Management, board also want quality


As one of the volunteer members of the Minnesota Orchestral Association Board, I'm bothered by the implications made by some musicians that management and the board want anything less than a world-class orchestra.

For the past several years, this group of dedicated music lovers has done everything in its power to protect the musicians from the financial challenges that put the very future of the orchestra at risk.

The Minnesota Orchestra's management and administration have already taken salary and staff reductions and have reduced budgets across the organization. They've also established bold plans for the future, but if we want to succeed, we need help from our musicians.

We all want the same thing -- an artistically excellent, fiscally stable community resource we can be proud of. I hope that we can keep that perspective in mind as negotiations continue.


• • •

I watch more football than orchestra performances.

Nevertheless, I find it disturbing that the NFL officials will be getting about $200,000 a year for about 16 to 20 games, while the talented musicians at our orchestra make about half that and are being asked to accept cuts. What does this say about our society? The arts are to our culture as color is to a painting. Let's support our musicians.


* * *


What would Iran do with the bomb?


Former President Richard Nixon said once: I always try to imagine what my opponent is thinking while shaving in the morning. We should ask the same question about the leaders of Iran: What would they do with the bomb? Mahmoud Ahmadinejad himself hinted at the answer in a recent interview. If we used it first, he said -- and I paraphrase -- we would bring upon us assured destruction. The press largely ignored this comment, and the authors of an Oct. 2 commentary ("Look before leaping") also failed to ask and answer the question.


* * *


If anything, getting calmer and safer


An Oct. 2 letter writer missed the mark when she tried to blame La Crosse's culture of drinking on reality TV and other modern-day ills. La Crosse is a rough-and-tumble, hard-partying river city and always has been. Oktoberfest has always been a reflection -- and at times, a celebration -- of that culture.

Growing up there, stories of mass arrests and overturned cars were common, and we thought nothing of waking up Sunday to the sight of festgoers sleeping on our lawn. So if anything, Oktoberfest has calmed down in recent years. That and the ongoing effectiveness of Operation River Watch would seem to be cause for optimism, not alarm.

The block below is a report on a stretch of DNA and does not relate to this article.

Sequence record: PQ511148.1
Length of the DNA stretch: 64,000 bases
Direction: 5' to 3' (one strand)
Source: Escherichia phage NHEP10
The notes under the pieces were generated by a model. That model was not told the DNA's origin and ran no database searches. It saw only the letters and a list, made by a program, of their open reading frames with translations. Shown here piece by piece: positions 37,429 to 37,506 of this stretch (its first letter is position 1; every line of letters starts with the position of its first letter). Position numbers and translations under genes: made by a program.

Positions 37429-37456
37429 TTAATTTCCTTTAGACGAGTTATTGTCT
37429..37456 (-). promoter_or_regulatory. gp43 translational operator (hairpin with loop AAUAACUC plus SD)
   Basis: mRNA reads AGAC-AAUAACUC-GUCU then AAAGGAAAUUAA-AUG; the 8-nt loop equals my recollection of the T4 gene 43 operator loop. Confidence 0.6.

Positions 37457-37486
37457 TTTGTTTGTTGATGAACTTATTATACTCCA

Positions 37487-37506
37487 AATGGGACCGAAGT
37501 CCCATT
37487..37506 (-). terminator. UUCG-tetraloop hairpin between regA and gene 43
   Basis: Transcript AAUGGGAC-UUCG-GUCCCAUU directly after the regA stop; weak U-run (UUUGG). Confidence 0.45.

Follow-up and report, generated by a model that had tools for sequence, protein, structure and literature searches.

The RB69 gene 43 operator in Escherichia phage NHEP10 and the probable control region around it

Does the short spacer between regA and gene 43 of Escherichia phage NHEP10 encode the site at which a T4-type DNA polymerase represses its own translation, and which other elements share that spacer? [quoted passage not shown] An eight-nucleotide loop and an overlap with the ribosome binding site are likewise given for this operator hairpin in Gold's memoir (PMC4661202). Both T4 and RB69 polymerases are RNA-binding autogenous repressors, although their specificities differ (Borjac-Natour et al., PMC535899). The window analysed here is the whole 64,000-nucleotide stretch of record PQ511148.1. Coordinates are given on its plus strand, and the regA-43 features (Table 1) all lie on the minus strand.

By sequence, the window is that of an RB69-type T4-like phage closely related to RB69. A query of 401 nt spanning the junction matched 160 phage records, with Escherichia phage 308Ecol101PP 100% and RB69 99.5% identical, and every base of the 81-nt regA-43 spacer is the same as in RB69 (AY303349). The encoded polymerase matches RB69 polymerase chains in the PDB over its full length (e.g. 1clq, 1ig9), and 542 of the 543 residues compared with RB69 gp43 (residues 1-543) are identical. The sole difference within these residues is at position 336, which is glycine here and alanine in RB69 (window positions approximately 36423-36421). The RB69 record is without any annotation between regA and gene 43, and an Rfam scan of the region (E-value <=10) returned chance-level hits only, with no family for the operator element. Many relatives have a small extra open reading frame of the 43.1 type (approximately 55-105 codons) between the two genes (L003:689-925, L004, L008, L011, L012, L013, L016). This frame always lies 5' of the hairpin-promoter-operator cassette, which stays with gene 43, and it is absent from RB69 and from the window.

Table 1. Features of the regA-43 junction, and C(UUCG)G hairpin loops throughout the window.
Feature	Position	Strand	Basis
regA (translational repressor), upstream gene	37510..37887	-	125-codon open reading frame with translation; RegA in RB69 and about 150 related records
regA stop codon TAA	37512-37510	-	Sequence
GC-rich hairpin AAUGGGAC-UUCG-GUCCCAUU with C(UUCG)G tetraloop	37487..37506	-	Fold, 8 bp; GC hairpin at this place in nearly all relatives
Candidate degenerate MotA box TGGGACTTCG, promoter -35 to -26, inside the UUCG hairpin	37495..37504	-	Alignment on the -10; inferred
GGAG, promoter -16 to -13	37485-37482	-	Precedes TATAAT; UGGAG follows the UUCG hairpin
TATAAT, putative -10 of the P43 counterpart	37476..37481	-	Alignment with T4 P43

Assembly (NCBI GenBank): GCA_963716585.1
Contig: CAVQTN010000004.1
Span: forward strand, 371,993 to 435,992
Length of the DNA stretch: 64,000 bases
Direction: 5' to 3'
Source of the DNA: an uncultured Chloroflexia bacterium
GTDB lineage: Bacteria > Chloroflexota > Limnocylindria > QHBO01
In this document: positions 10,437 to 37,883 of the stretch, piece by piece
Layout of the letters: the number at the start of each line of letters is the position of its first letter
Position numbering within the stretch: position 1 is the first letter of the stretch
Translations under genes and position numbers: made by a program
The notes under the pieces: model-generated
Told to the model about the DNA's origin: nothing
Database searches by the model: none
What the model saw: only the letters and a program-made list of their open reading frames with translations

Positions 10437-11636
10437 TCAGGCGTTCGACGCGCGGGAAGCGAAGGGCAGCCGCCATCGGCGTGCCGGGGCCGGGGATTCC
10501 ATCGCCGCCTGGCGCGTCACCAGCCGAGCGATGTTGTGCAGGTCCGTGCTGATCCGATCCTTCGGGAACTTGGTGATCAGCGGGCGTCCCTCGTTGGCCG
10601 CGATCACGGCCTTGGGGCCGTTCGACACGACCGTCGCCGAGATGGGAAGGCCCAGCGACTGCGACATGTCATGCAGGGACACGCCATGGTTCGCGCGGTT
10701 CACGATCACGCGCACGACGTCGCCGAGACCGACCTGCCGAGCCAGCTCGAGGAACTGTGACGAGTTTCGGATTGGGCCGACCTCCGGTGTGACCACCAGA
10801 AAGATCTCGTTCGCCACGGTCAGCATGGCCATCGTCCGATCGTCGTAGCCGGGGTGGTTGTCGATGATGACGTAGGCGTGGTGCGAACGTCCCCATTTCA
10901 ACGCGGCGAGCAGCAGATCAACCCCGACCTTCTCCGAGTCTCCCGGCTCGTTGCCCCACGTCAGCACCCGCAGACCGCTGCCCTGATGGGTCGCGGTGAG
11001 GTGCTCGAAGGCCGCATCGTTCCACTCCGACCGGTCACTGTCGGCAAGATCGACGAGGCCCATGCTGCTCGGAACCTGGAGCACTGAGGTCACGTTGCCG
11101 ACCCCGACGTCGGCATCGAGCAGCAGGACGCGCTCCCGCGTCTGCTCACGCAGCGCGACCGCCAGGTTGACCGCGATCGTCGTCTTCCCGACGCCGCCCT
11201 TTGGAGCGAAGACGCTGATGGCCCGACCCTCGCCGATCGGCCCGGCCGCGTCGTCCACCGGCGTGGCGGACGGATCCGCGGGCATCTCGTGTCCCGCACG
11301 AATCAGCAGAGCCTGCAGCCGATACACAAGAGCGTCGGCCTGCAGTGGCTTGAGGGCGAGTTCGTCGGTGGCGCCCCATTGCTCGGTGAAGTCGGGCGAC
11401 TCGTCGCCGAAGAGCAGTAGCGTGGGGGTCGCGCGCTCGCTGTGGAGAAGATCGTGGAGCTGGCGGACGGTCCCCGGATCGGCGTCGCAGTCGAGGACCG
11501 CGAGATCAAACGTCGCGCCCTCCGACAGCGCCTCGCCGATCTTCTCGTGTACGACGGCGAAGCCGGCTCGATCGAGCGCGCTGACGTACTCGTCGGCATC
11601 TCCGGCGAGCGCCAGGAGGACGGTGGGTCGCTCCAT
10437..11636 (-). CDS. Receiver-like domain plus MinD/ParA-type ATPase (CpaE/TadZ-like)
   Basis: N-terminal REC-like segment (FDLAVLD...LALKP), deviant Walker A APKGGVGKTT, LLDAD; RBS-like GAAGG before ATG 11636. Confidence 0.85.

* * *


You can please some of the people ...


I am the 99 percent. I can tell from my modest south Minneapolis home with the refinanced mortgage, 2.5 kids and aging dog. But my patience for special privileges for a very small percentage of the population was lost this morning when I saw the latest Minneapolis effort to make itself into the most bike-friendly city in the Milky Way.

City leaders saw fit to take the recently repaved Park Avenue from three lanes of traffic and one standard bike lane down to two lanes for cars in order to accommodate an enormous bike lane for the very small population that commutes on bike to downtown. This comes on the heels of remaking Hiawatha Avenue into one of the most painful routes to drive due to computer technologies (or lack thereof) being unable to get the lights to work in sync with both light rail and traffic.

I love the fact that so many people bike to work, and I am a big proponent (and part-time user) of light rail. But there are a lot of people who have to use a car for their job; or have physical limitations, or, like me, need to drop off or pick up kids every day.

I am tired of bending over backwards and now forwards for a small part of the population. My taxes helped to pay for that repaving, and now I will get to study it up close and personal as I idle in traffic. The 1 percent gets 33 percent more, and the rest of us get the crankshaft and lower fuel economy.


• • •

A big thanks to the city of Minneapolis and Hennepin County for their recent neighborhood- and bike-friendly improvements to Park Avenue!

As a resident who lives a few blocks away from this street, I have always been frustrated by the fact that this massive, freeway-like road runs through my neighborhood when there is usually so little traffic.

I'm thrilled that significant stretches have been narrowed from three to two lanes. Now it seems that cars actually go through at the speed limit rather than racing through like they did when there were three lanes. This makes my residential neighborhood feel safer, more walkable and more livable.

I'm also thrilled that the bike lane was moved from the left to right side of the street and that there is now a buffer between the bike and car lanes. Previously, I found riding on Park to be a harrowing experience.

I can't wait for the same changes to be made on Portland Avenue.